The First 10 Metrics – Part II

In the first presentation, we talked about the metrics that we use to quantify your brand awareness, brand equity, “test drive” and its relation to intention to purchase, and churn rates. In this presentation, we will go deeper into the metrics discussion covering churn rate more effectively, understanding customer satisfaction numbers and introducing the behavioral impact model. As with previous discussions, we have provided a some examples to help you grasp the concepts better.

We will be covering the non-financial metrics again in next week’s presentation, as these are key to the analysis that marketers must learn when it comes to quantifying their performance and the campaign results. As we saw in the recent study conducted by Fournaise, 73% of CEOs don’t trust marketers because we are unable to quantify our activities and performance in terms that are important to them, including revenue, sales and EBIT. These presentations will help you to start using these metrics to improve your position and reporting to senior management. Continue Reading

The First 10 Metrics – Part I

Now that we have built the foundation for analytic marketing, it’s time that we start talking about the metrics that we need to understand to quantify and qualify our marketing performance. As I have said in earlier lectures, marketing has long been considered a “fuzzy science,” but when we are able to quantify our performance, we are able to take it out of the fuzzy and bring it into real numbers that are used to judge our success.

This is the first of a three-part lecture series that covers the first 5 metrics (and a few sub-metrics) that will quantify your brand awareness, brand equity, “test drive” and its relation to intention to purchase, and churn rates. We will also introduce you to the modern purchasing funnel which will help you to understand better the decision-making process for buyer influence. Each metric is supported with mathematics and examples from different industries to enhance your knowledge. Continue Reading

5 Obstacles to Marketing Intelligence – Part II

Moving forward from the previous presentation, we look at the remaining reasons that professionals give for not implementing an analytical marketing, or marketing intelligent, framework.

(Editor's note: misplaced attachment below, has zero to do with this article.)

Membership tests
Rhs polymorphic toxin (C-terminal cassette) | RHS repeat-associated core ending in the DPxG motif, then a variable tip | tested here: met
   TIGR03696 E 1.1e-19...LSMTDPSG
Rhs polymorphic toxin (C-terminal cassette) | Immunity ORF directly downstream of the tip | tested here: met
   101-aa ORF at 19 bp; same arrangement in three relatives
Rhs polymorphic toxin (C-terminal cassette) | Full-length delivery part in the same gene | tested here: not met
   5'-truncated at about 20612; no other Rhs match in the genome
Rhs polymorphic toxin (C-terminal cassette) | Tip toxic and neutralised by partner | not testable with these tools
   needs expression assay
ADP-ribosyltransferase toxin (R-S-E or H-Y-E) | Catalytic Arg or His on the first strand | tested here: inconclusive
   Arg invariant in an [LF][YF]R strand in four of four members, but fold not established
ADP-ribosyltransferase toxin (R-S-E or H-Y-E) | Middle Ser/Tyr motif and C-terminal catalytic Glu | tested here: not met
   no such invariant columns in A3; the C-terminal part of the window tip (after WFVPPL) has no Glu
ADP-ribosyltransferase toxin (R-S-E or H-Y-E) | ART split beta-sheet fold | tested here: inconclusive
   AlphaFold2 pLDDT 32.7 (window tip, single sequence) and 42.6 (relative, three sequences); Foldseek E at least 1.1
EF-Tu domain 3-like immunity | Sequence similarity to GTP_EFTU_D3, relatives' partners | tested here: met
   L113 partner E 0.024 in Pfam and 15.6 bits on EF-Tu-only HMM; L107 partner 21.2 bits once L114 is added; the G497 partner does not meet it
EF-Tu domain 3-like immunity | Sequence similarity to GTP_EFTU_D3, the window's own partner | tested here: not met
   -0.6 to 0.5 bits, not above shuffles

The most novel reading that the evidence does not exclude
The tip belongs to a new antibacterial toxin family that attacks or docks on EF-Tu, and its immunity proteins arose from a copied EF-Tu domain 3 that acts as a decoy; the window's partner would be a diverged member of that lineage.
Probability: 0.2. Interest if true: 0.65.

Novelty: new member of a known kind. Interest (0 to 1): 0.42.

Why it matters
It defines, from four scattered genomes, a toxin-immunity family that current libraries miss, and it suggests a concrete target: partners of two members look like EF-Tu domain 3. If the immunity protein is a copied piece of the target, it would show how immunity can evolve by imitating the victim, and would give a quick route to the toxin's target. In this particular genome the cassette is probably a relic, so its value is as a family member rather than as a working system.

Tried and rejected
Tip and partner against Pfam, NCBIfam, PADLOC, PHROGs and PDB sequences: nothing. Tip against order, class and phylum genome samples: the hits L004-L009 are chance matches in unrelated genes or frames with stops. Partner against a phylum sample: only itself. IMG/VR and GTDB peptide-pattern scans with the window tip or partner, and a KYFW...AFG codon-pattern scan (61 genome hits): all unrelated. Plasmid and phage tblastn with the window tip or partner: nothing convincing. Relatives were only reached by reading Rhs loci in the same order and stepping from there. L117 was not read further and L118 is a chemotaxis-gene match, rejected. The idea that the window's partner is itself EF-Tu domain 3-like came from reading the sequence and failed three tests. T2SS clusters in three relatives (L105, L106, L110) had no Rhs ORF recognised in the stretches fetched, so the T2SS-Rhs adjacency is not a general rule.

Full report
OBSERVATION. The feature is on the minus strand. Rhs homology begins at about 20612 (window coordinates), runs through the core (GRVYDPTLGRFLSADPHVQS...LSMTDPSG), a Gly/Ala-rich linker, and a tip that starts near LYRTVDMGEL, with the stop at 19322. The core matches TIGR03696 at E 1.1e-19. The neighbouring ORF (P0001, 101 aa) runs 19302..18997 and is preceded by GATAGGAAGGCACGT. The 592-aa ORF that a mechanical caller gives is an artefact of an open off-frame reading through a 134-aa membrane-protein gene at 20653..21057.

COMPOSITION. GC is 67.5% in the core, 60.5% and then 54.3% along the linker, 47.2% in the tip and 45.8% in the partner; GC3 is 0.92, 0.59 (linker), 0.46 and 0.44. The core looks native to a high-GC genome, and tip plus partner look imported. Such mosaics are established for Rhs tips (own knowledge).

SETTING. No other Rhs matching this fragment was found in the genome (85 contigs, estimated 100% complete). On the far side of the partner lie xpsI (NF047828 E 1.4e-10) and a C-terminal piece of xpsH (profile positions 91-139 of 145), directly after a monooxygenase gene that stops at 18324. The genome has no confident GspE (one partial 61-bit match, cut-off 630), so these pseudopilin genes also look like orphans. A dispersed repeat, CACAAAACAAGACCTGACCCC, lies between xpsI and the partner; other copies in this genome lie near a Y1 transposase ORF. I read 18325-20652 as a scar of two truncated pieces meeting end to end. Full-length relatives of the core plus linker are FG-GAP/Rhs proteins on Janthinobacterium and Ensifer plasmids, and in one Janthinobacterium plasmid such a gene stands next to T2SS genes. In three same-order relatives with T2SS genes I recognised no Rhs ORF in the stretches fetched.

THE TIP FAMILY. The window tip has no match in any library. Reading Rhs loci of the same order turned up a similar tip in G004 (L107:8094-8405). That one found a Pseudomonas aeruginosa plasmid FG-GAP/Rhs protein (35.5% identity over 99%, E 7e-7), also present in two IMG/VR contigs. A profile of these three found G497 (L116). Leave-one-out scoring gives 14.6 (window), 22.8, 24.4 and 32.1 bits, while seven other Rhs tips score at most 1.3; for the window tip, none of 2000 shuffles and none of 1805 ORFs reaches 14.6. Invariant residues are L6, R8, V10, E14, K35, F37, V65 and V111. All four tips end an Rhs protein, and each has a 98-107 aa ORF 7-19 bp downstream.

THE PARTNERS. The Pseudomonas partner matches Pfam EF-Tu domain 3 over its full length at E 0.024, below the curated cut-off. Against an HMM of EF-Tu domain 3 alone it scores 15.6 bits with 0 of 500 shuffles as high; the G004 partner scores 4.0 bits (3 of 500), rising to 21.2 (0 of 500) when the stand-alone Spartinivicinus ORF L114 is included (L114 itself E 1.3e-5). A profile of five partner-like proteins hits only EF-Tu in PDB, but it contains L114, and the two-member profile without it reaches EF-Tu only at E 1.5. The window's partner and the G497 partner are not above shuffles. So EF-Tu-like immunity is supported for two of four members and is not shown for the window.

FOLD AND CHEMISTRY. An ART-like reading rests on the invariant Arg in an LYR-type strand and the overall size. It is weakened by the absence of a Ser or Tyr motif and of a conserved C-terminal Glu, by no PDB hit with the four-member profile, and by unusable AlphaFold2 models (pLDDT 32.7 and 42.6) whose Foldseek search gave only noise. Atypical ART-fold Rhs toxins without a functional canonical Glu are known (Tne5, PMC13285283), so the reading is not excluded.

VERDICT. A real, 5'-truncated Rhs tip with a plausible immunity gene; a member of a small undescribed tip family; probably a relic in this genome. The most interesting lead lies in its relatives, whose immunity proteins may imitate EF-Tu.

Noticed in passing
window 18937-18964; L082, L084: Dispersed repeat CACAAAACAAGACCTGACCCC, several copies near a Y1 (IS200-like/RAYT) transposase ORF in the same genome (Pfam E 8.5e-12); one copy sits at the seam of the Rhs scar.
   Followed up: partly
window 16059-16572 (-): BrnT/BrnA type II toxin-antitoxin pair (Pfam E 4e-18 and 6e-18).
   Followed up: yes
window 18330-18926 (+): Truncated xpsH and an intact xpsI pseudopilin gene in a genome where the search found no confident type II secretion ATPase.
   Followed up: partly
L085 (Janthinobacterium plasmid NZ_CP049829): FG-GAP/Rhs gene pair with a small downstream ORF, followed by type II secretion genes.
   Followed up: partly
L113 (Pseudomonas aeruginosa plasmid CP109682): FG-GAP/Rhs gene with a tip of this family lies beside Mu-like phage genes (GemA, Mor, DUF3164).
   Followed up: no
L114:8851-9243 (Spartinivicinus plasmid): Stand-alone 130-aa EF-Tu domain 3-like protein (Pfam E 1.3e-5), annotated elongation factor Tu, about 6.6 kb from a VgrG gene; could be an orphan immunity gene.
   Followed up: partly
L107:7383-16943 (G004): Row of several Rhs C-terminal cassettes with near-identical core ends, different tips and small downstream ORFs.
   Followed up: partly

This presentation covers how to better use data, especially for B2B companies, building the infrastructure to support an analytical marketing process, and creating an analytical culture within your marketing department. We give numerous tips, tricks and examples to help you understand how to overcome the “standard” reservations that executives have when it comes to change, all to help you move smoothly and easily into a more rich, efficient and high performance marketing environment. Continue Reading

5 Obstacles to Marketing Intelligence – Part I

When we talk about marketing intelligence, or analytic marketing, we find organizations and marketers have a number of “reasons” for why they should not add it within their corporate culture. The most common is that it will limit creativity, which is completely untrue. Analytics have nothing to do with creative; instead they improve the process and decision-making in delivering marketing activities to the potential customer in a more effective and efficient way.

This is the first of a two-part presentation that highlights and shows you how to overcome the common barriers and obstacles that most forward thinking marketers face when looking to add an analytic marketing process in their organizations. In this presentation, we go through the gambit of arguments ranging from not knowing how to corporate culture not accepting the change giving you a clear understanding of how to overcome and prove that the process not only works, but adds value to the organization. Continue Reading

Introduction to Marketing Intelligence – Part II

In our earlier posting, we introduced you to marketing intelligence and the series that will be available to you from the emagine site. In the last presentation, we gave you a background into what makes marketing intelligence important to marketers through a variety of real-life examples that show how it changed the results that marketing departments achieved.

In this presentation, we show the 15 metrics that we will be focusing on and offer you a couple of more examples that prove the value added through this level of analytics called marketing intelligence. We also show the difference between market leaders and those who follow them by copying without understanding. Continue Reading